Cannes Winners, 2015
The fact that the Seattle International Film Festival (or SIFF) happens concurrently with the Cannes Film Festival (or Cannes) assuages some of the disappointment with not being in the south of France at this time of year. Instead I rely on the usual suspects (Jeff Wells, Sasha Stone) for their reports. Not to mention the final awards, which were announced today. They are:
- Palme d'Or: “Dheepan,” directed by Jacques Audiard, who has twice won “best film” at the Erik International Film Festeival (a.k.a. my annual Top 10 list) so I'm excited by this; I think Audiard is one of the best directors in the world right now. At the same time, the win is being called one of the great upsets in the history of Cannes. Further thoughts here. The movie below was supposed to win ...
- Grand Prix: “Son of Saul,” directed by Laszlo Nemes. Another Holocaust film that seems particularly resonant.
- Director: Hou Hsiao-hsien, “The Assassin.” I've never been a big Hou fan, but ... open mind. At least 3/4 open.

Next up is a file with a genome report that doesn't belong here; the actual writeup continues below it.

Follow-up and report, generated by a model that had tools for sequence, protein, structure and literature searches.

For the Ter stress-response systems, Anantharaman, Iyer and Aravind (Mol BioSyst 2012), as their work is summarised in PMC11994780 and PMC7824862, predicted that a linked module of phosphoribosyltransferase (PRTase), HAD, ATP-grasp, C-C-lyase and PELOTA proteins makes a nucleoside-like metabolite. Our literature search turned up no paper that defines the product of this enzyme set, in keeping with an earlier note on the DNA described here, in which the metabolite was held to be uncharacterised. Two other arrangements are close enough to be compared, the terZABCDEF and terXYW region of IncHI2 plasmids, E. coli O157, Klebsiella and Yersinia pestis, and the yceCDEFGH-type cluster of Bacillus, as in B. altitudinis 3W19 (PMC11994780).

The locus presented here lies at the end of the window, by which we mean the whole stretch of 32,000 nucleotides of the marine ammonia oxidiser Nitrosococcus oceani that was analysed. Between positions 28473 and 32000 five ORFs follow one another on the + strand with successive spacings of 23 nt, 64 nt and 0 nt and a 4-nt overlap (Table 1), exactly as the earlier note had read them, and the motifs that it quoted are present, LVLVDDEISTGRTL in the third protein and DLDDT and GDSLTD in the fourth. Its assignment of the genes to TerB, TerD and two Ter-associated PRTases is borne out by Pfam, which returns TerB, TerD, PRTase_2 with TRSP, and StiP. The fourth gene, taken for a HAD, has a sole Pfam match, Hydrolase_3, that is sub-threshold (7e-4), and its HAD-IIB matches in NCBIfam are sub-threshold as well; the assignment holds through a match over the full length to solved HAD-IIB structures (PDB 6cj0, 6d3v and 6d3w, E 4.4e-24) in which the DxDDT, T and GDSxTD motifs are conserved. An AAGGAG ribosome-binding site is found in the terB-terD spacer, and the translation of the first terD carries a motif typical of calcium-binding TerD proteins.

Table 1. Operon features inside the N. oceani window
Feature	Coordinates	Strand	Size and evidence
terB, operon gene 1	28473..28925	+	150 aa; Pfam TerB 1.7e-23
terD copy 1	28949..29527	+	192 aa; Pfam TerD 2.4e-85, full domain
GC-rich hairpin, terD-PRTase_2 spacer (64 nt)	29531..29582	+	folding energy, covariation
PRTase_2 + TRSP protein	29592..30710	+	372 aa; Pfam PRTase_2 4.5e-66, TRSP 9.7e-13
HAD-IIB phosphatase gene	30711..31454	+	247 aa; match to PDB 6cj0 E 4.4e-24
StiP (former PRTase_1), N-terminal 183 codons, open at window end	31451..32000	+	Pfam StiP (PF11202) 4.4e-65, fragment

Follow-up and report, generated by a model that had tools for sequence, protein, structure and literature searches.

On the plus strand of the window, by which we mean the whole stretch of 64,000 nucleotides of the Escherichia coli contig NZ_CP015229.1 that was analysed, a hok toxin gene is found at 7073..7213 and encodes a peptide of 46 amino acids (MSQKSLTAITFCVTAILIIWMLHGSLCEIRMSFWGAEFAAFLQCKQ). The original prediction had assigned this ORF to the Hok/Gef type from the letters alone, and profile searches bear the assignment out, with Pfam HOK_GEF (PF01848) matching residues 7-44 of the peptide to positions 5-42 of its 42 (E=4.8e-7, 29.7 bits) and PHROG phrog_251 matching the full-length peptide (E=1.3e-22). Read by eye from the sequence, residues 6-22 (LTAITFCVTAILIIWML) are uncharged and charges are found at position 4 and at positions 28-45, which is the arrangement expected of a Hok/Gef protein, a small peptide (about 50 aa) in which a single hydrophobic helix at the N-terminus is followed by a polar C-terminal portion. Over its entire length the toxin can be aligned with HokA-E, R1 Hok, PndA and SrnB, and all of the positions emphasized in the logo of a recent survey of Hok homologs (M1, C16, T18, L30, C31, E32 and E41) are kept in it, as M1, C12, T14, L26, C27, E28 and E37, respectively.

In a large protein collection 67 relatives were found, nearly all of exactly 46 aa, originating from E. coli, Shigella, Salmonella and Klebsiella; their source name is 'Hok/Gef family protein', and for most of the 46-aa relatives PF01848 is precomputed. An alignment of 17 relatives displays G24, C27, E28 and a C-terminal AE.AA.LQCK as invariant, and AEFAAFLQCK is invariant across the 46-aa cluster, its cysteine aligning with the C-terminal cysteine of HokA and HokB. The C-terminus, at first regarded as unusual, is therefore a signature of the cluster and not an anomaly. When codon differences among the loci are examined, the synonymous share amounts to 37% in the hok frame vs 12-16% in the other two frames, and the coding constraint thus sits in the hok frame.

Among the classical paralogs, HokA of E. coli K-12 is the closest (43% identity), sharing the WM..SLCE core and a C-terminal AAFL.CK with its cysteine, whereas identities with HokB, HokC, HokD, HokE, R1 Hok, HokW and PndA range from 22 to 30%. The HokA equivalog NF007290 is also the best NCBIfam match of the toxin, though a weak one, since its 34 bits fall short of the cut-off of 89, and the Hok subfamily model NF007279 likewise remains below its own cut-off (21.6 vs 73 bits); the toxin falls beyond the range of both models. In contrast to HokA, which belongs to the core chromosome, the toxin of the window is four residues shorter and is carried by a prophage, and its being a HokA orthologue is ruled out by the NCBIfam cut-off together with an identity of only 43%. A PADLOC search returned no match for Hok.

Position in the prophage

- Actor: Vincent Lindon, “The Measure of a Man.” I mostly know Lindon from the film adaptation of “The Moustache.”
- Actress (tie): Emmanuelle Bercot, “Mon Roi”; Rooney Mara, “Carol.” Both Wells and Stone raved about “Carol,” which also stars Cate Blanchett.
The jury presidents were Joel and Ethan Coen, while the jury included actors Jake Gyllenhaal, Sophie Marceau, Sienna Miller and Rossy de Palma; directors Guillermo del Toro and Xavier Dolan; and composer Rolia Traoré.
Do these awards mean anything? Ca depend. Past winners of the Palme d'Or have included great films (“Pulp Fiction,” “The Pianist,” “The Class,” “The Tree of Life,” “Blue is the Warmest Color”) and some awful/arty films (“Uncle Boonmee Who Can Recall His Past Lives”). But I love Audiard so I'm hopeful this year.
In “Dheepan,” a Sri Lankan Tamil warrior uses his skills to survive as an immigrant in Paris.